It happened again this Sunday, August 14, 2011 despite the international press coverage over last Sunday's attacks. Cuban women brutalized by regime agents as they walked silently to attend Mass at the Cathedral in Santiago de Cuba. Human rights defender, Jose Daniel Ferrer Garcia, on twitter today reported that during the past 30 days the Ladies in White in eastern Cuba have been beaten on four consecutive Sundays by the Castros repressive forces. Despite the brutal beatings and detentions Jose Daniel was able to report that the Ladies in White have maintained their nonviolent discipline and courage and observed that "only three women made it to Mass at the Cathedral in Santiago. They agreed that Monsignor D. García gave a good homily and criticized the violence. The brutality has not gone unnoticed and the Irish human rights organization Frontline has called on people of goodwill to take action. Their call to action is reproduced below:
Cuba: Increased repression against human rights defenders and violent assault on women human rights defenders
Posted on 2011/08/11
Several members of human rights organisations Damas de Blanco (Ladies in White) were assaulted by pro-Government groups and police officers on 7 August 2011 in Santiago de Cuba and Palmarito de Cauto in the eastern province of Cuba. Similar attacks have taken place each Sunday since mid-July, as members of Damas de Blanco have been leaving mass throughout the province of Santiago de Cuba. Damas de Blanco is a human rights organisation which was established in 2003 in Havana by a group of women demanding the release of political prisoners in Cuba.In 2005, Damas de Blanco was awarded the Sakharov Prize for freedom of conscience by the European Parliament.
On 7 August 2011, at approximately 11.00 am, pro-Government groups armed with steel bars and stones, as well as some members of the Ministry of the Interior, gathered outside the cathedral in Santiago de Cuba waiting for members of Damas de Blanco to leave following Sunday mass. The women had planned a peaceful march through the streets of Santiago de Cuba, holding flowers, calling for the release of political prisoners. Loud music and pro-Government propaganda was played from loudspeakers in the area.
Police officers, led by Lieutenant Colonel Elliott, reportedly cut off access to the area immediately surrounding the cathedral. The group of women was followed by the gang, who insulted and threatened them before forcing them onto a police bus which was driven to a nearby city, Palma Soriano, where some of the women lived. From there some of the women continued on to another town, Palmarito del Cauto, where they tried to stage a vigil however this was attacked by pro-Government gangs using iron bars and rocks. At least eight persons were hospitalised following the attack in Palmarito del Cauto and required stitches for their wounds.
According to the information received, later on the 7 August, the home of former political prisoner, José Daniel Ferrer García, where a group of human rights defenders had gathered, and the home of human rights defender Maximiliano Sánchez, were attacked by a pro-Government gang. It is reported that at least six persons required medical attention as result of injuries sustained during the attack, including member of Damas de Blanco and wife of José Daniel Ferrer García, Belkis Cantillo, and their 6-year old daughter. Doctors were reportedly instructed by police officers to refuse to provide medical certificates to the wounded which would serve as proof that violence had been perpetrated against them.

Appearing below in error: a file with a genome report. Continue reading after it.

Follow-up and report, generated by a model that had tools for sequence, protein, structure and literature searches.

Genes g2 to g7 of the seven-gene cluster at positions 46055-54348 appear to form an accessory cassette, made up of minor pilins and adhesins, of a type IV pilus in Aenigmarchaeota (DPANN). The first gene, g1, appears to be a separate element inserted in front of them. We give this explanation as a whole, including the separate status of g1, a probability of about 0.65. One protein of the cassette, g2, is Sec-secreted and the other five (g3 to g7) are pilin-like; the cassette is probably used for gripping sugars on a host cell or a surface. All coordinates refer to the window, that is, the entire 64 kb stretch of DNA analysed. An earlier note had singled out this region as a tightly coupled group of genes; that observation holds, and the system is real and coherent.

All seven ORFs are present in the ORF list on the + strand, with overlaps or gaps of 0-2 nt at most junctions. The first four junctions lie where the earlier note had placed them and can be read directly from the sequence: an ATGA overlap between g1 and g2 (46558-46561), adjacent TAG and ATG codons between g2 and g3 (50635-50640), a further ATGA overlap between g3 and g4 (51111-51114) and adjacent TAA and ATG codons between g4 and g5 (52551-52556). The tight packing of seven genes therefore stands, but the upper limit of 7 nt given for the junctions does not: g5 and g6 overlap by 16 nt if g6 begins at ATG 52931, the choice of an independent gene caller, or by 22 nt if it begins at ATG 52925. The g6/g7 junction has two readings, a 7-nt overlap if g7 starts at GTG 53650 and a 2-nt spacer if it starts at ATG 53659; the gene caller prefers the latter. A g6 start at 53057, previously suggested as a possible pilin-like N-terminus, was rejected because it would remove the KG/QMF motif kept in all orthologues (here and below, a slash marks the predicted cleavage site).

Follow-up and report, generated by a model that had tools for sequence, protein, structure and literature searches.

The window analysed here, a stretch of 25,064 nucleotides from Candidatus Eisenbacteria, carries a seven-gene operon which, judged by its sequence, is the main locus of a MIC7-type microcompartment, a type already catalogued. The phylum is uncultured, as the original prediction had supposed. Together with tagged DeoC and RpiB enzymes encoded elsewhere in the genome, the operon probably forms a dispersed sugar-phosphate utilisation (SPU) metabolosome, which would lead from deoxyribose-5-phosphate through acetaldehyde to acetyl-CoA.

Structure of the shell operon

It is reported that the Government blocked the phone lines of those involved in the protest following the violence making it impossible for them to communicate with each other over the telephone.
On 8 August 2011, spokesperson for Damas de Blanco, Ms Laura Pollán, publicly denounced the violence perpetrated against members of the organisation and requested that Cardinal Jaime Ortega act as an intermediary between the Government and the organisation. Another member of Damas de Blanco, Ms Aymé Garcés, described publicly how she had been assaulted by the police.
It was also reported that on 5 August 2011, human rights defender Ernesto Cabrera Moreno was attacked, in the city of Caimanera, by a pro-Government group using machetes. The human rights defender remains in hospital being treated for injuries to his head and body. Ernesto Cabrera Moreno is a member of the Movimiento, Resistencia, y Democracia (Movement, Resistence and Democracy) organisation.
On 24 July 2011, a group of women from Damas de Blanco were assaulted as they were leaving the Virgin of Charity shrine in El Cobre, located outside Santiago. A week later on 31 July 2011 a similar attack took place on another group of women leaving a church in Palma Soriano.
Since 2004, Damas de Blanco have marched in silence through Havana dressed in white, and carrying white flags, demanding the release of political prisoners. The Cuban State Security Department has reportedly issued several threats against members of Damas de Blanco and attempted to blackmail their family members in Cuban prisons. Attempts by women to hold similar protests in other areas of Cuba have been violently put down by the Government.
Front Line is concerned for the physical and psychological integrity and security of the members of Damas de Blanco considering reports of ongoing physical assaults and insults against them. Front Line believes that members of Damas de Blanco have been targeted solely as a result of their legitimate work in the defence of human rights.